Analysis of the amino acid composition of Golgi and plasma membrane TMDs revealed similarities in their cytoplasmic hemi-TMDs but significant differences in their exoplasmic hemi-TMDs: Golgi proteins displayed increased numbers of aromatic amino acids (particularly tyrosine, Y), whereas plasma membrane proteins display increased amounts of the small amino acids Ala and Gly (supplementary material Table S2). About 65% of Golgi protein exoplasmic hemi-TMDs had two or more aromatic, high-volume amino acids (Tyr, Phe, Trp), whereas 60% of plasma membrane protein exoplasmic hemi-TMDs had none or one (Fig. 1C). Additionally, 75% of Golgi proteins contained none or one small amino acid (Ala or Gly), whereas 65% of plasma membrane proteins had two or more (Fig. 1D). Both Golgi and plasma membrane proteins had diminished amounts of Leu and Ile in their exoplasmic hemi-TMDs.
TMD features determine Golgi or plasma membrane localization
We experimentally tested whether TMD features determine Golgi or plasma membrane localization using wild-type or specific chimeric yeast SNARE proteins that differ only in a few residues of their TMDs and display robust localization phenotypes. Sft1 is a Golgi protein with a short TMD (16 aa) and high-volume residues in its exoplasmic hemi-TMD. Sso1 is a plasma membrane protein with a longer TMD (22 aa) and with less-voluminous residues at its exoplasmic hemi-TMD (Fig. 1B and Fig. 2). The Sso1 TMD is sufficient for plasma membrane localization (Rayner and Pelham, 1997) and its cytoplasmic domain lacks endocytic signals (Valdez-Taubas and Pelham, 2003). Sft1 and Sso1 show a well-defined subcellular distribution in yeast even when overexpressed (Aalto et al., 1993; Banfield et al., 1995). Myc-tagged versions of the wild-type SNARE proteins or their chimeric variants (Fig. 2) were transformed into yeast and their subcellular localization was established by immunofluorescence (Fig. 3). Substituting the whole TMD of Sft1 for that of Sso1 [Sft1(Sso1)], resulted in a clear change of localization of Sft1 from the Golgi to the plasma membrane (Fig. 3A,B) and vice versa: substituting the Sso1 TMD for that of Sft1 [Sso1(Sft1)] led to Golgi localization of Sso1 (Fig. 3C,D). Colocalization experiments with the late-Golgi marker Chc1 confirmed the Golgi localization of the observed intracellular punctate structures (supplementary material Fig. S2). Results indicate that the TMDs of Sft1 and Sso1 act as determinants for Golgi and plasma membrane localization, respectively.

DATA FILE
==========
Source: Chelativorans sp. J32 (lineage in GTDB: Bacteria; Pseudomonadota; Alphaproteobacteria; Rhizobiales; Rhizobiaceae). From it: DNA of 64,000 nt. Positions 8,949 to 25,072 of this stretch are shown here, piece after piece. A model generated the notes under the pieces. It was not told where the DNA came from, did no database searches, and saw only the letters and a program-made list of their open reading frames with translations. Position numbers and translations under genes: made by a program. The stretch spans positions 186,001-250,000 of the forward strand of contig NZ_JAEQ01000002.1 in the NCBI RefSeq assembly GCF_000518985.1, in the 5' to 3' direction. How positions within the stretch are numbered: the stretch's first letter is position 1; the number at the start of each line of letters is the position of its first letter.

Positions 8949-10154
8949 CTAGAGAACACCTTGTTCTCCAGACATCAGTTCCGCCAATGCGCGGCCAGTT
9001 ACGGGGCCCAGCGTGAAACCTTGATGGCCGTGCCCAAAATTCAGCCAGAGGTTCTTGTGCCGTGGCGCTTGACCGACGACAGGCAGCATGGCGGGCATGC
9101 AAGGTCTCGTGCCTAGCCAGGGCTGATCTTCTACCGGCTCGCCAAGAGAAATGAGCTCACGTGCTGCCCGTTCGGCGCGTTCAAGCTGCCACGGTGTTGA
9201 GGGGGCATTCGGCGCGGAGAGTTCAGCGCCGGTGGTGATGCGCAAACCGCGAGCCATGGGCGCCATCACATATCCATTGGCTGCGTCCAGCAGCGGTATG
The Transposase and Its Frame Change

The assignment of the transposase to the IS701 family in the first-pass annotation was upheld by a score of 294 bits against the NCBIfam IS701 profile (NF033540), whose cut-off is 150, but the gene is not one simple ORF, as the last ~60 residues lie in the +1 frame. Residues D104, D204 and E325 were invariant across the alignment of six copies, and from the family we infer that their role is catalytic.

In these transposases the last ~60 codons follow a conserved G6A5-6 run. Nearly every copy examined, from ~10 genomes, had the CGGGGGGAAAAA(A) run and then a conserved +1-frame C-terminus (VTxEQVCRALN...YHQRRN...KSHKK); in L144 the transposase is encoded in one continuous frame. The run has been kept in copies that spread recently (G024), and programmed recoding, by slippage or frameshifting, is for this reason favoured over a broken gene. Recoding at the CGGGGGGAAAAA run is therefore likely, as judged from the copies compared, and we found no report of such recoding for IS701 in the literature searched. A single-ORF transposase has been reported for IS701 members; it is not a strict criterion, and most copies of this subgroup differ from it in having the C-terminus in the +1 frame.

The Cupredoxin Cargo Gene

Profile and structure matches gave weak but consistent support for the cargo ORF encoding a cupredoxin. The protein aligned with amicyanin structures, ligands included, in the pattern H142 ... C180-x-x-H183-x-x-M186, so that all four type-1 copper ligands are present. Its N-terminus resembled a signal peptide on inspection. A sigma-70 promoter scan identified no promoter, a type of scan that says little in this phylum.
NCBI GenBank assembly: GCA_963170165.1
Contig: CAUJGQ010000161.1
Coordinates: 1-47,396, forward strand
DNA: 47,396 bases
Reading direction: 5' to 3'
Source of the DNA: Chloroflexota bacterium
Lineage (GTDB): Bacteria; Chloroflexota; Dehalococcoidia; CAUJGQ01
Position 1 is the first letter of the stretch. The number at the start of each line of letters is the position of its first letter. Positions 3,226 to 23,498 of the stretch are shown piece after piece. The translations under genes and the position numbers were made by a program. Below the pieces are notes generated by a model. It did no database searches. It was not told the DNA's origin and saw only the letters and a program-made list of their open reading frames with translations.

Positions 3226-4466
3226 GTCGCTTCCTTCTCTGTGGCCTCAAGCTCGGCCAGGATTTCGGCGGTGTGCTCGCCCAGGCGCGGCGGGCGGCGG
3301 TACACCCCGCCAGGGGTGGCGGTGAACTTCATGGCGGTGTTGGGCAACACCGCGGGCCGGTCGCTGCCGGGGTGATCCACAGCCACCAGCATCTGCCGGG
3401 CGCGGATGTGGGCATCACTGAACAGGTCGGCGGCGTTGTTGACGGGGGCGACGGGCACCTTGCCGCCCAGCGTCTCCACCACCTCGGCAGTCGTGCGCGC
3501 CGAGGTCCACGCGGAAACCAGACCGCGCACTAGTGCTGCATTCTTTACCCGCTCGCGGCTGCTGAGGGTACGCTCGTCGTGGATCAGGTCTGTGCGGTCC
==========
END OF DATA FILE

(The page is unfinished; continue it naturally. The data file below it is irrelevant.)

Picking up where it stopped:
Exoplasmic hemi-TMD volume is a subcellular localization determinant
We next examined whether determinants of subcellular localization were present in the exoplasmic or the cytoplasmic hemi-TMDs. Sft1 with the cytoplasmic hemi-TMD of Sso1 [Sft1(Sso18-Sft18)], remained in the Golgi complex (Fig. 3E), but localized at the plasma membrane when its exoplasmic hemi-TMD was substituted by the less voluminous, albeit shortened, version of the exoplasmic half of Sso1 [Sft1(Sft18-Sso18)] (Fig. 3G). Sft1 with the whole Sso1 exoplasmic hemi-TMD and an extended cytoplasmic Sft1 hemi-TMD [Sft1(Sft111-Sso111)] also localized to the plasma membrane (Fig. 3H). Noticeably, a long TMD with the cytoplasmic half of Sso1 and an extended exoplasmic half of Sft1 [Sft1(Sso111-Sft111)] left the Golgi and localized at the plasma membrane (Fig. 3F). Constructs bearing the cytoplasmic domain of Sso1, gave essentially the same results: a short TMD with a high-volume exoplasmic hemi-TMD caused Golgi retention of Sso1 [Sso1(Sso18-Sft18)] (Fig. 3I); and either a short TMD with less-voluminous exoplasmic hemi-TMD [Sso1(Sft18-Sso18] (Fig. 3K) or longer TMDs of any volume, Sso1(Sso111-Sft111) and Sso1(Sft111-Sso111), resulted in plasma membrane localization of the chimeras (Fig. 3H,J). The idea that the presence of an amino acid motif in the exoplasmic hemi-TMD of Sft1 acts as a specific Golgi-retention signal was discarded because a construct with scrambled residues in this region [Sso1(Sso18-Sft18scr)] (Fig. 2) still localized to the Golgi (Fig. 3M).
These experiments indicate that both short length and a high-volume exoplasmic hemi-TMD are crucial parameters to confer Golgi localization to the chimeras because replacement of Sft1 exoplasmic hemi-TMD with less-voluminous amino acid residues or extension of the exoplasmic hemi-TMD with residues of any volume results in localization at the plasma membrane.